Monday, February 27, 2012

Birding Walks Begin at Lake Arrowhead State Park

The Texas Ornithological Society (TOS) has started a campaign to help increase attendance at Texas State Parks by their Invade State Parks initiative. Basically, members of TOS host birding field trips and encourage other TOS members and the public to attend.

The first bird walk at Lake Arrowhead State Park is Saturday, March 10, beginning at 8:00 AM at the firewood shed (dump station). I will be leading the walk. I picked this area of the park because of the habitat. We should have good viewings of sparrows and water birds. The walk will be about an hour and encompass about a half mile. However, if there are enough people interested, I will be happy to continue birding with anyone interested for another hour or so in other areas of the park.

There is a $3 entry fee to the park, unless you have a Park Pass.

Good birding!

Monday, February 20, 2012

Become a Bluebird Buddy!

The Friends of Lake Arrowhead State Park are supporting the bluebirds at Lake Arrowhead State Park. You can too by becoming a Bluebird Buddy. For $50 a year you, your family or a group can sponsor a bluebird nest box at Lake Arrowhead State Park.

Bluebird buddies will have a plaque with their name affixed to one of the bluebird boxes and receive updates on the nesting status of their box.

For more information, call LASP at 940-528-2211. If you want a sponsor form, email me at and I'll be happy to send  you one. Wild Bird Rescue is sponsoring a box. So am I. I hope you will too.

Good birding!

Sunday, February 19, 2012

Book Review: Birds of India, Pakistan, Nepal, Bangladesh, Bhutan, Sri Lanka, and the Maldives (2nd Edition)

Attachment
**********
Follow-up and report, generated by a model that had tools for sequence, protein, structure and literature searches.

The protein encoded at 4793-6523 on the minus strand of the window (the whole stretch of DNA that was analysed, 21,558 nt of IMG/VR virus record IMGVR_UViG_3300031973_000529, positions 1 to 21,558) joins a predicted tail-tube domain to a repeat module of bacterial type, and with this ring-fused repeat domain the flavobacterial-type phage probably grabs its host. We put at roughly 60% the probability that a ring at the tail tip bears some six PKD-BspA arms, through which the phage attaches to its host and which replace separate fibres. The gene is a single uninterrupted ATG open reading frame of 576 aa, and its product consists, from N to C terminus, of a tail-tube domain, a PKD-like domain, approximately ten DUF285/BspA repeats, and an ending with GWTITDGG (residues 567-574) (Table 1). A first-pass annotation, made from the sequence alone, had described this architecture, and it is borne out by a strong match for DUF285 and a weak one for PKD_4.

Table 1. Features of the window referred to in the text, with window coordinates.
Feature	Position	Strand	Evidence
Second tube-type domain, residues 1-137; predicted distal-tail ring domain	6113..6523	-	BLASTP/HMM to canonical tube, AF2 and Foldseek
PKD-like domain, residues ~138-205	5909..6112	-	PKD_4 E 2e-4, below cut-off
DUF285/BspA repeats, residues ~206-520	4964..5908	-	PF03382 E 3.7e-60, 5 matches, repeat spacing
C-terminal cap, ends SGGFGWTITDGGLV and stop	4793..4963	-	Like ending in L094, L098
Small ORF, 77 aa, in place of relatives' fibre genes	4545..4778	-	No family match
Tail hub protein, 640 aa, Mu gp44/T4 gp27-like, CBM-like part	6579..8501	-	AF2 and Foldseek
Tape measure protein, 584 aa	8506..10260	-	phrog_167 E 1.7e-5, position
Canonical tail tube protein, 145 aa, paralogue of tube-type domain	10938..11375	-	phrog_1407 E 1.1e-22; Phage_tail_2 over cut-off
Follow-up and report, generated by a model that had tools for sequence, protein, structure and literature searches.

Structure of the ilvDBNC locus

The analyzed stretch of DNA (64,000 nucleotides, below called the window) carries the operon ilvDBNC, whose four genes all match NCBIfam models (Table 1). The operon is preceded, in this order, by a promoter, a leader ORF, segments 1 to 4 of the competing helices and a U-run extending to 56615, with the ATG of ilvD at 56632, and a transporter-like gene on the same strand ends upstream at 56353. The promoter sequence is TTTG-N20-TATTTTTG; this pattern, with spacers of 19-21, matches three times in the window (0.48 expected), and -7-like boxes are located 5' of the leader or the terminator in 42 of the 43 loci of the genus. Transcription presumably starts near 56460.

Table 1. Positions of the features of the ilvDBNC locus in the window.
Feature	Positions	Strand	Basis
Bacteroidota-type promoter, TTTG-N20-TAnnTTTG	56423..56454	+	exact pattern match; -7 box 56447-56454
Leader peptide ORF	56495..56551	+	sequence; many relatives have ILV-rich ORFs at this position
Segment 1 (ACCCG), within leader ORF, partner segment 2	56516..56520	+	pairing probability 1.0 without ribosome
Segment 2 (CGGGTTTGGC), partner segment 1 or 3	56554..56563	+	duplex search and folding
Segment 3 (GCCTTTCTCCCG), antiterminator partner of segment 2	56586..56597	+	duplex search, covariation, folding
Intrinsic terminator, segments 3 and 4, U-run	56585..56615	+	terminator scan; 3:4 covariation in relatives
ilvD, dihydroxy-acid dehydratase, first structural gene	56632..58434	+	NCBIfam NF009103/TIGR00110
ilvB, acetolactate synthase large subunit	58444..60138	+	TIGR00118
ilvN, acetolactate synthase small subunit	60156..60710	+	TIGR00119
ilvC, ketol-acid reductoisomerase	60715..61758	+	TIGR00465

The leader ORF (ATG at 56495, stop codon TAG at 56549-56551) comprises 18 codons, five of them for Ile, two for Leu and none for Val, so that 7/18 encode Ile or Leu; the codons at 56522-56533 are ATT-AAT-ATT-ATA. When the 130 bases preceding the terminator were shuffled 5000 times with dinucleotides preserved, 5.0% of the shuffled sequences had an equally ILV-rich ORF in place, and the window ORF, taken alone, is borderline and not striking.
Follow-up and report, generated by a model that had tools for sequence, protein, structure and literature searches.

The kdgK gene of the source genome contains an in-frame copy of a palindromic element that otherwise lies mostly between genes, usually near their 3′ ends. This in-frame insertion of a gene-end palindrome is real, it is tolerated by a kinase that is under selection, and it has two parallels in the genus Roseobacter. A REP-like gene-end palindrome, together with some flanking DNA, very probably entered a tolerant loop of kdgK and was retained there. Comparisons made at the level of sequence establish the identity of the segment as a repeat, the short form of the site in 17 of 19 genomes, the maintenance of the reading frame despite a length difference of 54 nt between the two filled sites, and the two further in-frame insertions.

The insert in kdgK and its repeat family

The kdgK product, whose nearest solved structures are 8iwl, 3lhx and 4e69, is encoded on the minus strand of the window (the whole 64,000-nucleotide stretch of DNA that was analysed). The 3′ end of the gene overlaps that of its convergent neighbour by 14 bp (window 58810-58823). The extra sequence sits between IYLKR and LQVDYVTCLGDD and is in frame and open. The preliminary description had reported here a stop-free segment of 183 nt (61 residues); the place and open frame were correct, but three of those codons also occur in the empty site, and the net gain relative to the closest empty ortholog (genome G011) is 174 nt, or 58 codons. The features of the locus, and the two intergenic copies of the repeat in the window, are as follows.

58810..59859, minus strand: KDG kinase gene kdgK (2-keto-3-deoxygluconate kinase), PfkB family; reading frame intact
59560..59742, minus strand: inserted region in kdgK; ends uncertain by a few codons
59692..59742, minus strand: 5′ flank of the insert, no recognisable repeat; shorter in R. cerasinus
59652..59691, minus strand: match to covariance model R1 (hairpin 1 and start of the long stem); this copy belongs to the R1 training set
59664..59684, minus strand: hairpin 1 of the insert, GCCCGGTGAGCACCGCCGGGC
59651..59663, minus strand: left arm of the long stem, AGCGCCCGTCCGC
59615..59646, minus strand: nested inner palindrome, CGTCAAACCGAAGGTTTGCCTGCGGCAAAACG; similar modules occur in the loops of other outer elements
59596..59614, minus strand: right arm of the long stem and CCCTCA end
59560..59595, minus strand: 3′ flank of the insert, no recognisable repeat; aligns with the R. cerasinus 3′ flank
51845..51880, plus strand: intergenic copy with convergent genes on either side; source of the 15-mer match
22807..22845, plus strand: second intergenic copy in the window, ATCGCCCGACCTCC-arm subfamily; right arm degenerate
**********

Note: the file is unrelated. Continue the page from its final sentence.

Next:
Princeton University Press sent me a review copy of Birds of India, Pakistan, Nepal, Bangladesh, Bhutan, Sri Lanka and the Maldives (2nd Edition). What a beautiful book.

Since I was a child, reading Rudyard Kipling's Jungle Book, I have wanted to go to India. I haven't made it yet, but if I ever get to go, this book will be in my suitcase, even if something else has to be left out.

This book has 226 color plates, showing 1,375 species--all residents, migrants and vagrants. What makes the guide especially useful is that the species descriptions and maps are directly across from the color plate. Considering the number of species represented, this is a very compact field guide.

Richard Grimmett is head of conservation at BirdLife International. Carol Inskipp and Tim Inskipp are freelance wildlife consultants.

This book is $39.50 from Princeton University Press. It shows up for $26.07 on Amazon.

Looking through the book has me ready to pack my bags and go!

Good birding!

Great Backyard Bird Count at Lake Wichita

I  missed the first two days of the Great Backyard Bird Count (GBBC) due to a work trip, but hit Lake Wichita first thing this morning. Six of us met on the shore of Lake Wichita behind Wild Bird Rescue and birded from 7:30 - 9:00 AM. You can see  by the photo at the left that conditions were not the best, with dense fog. However, the fog burned off between 8 and 8:30.

Our beaver friend that is often in the cove for the various counts in this location was doing laps across the area when Elizabeth Hawley and I arrived at 7:30. Unfortunately, everyone else missed him. I believe Elizabeth got some good photos though.

The GBBC protocol is to count the largest number of each species seen at one time. For Lake Wichita behind Wild Bird Rescue the count was (listed in the order seen):

White pelican, 39
Ring-necked duck, 3
Mallard, 5
American coot, 4
Red-winged blackbird, 14
Northern cardinal, 1
Ring-billed gull, 32
European starling, 6
Great blue heron, 3
Bufflehead, 2
Wren sp (was fussing in the reeds--we couldn't make a positive ID)
Canada goose, 4
Pied-billed grebe, 3
Blue jay, 1
Common goldeneye, 1
Cedar waxwing, 15
Ruddy duck, 6
Red-tailed hawk, 1
Robin, 1
American crow, 1
Eurasian collared dove, 1
Downy woodpecker, 1
Killdeer, 2
Great-tailed grackle, 3
House sparrow, 5
Double-crested cormorant, 3

During the count, we had a sweet little spaniel escapee show up. Fortunately, little Ben had a tag with his name and his owner's name and phone number. We crated him and when we finished the count, I took him home. He had taken advantage of the wet weather to dig out of his back yard.

After returning Ben to his home, I went on to Lake Wichita Park on my own to bird the chat trail and the barrow pit from 9:15 - 10:20 AM. My count was:

Eurasian collared dove, 9
Eastern meadowlark, 2
European starling, 3
Double-crested cormorant, 6
American robin, 5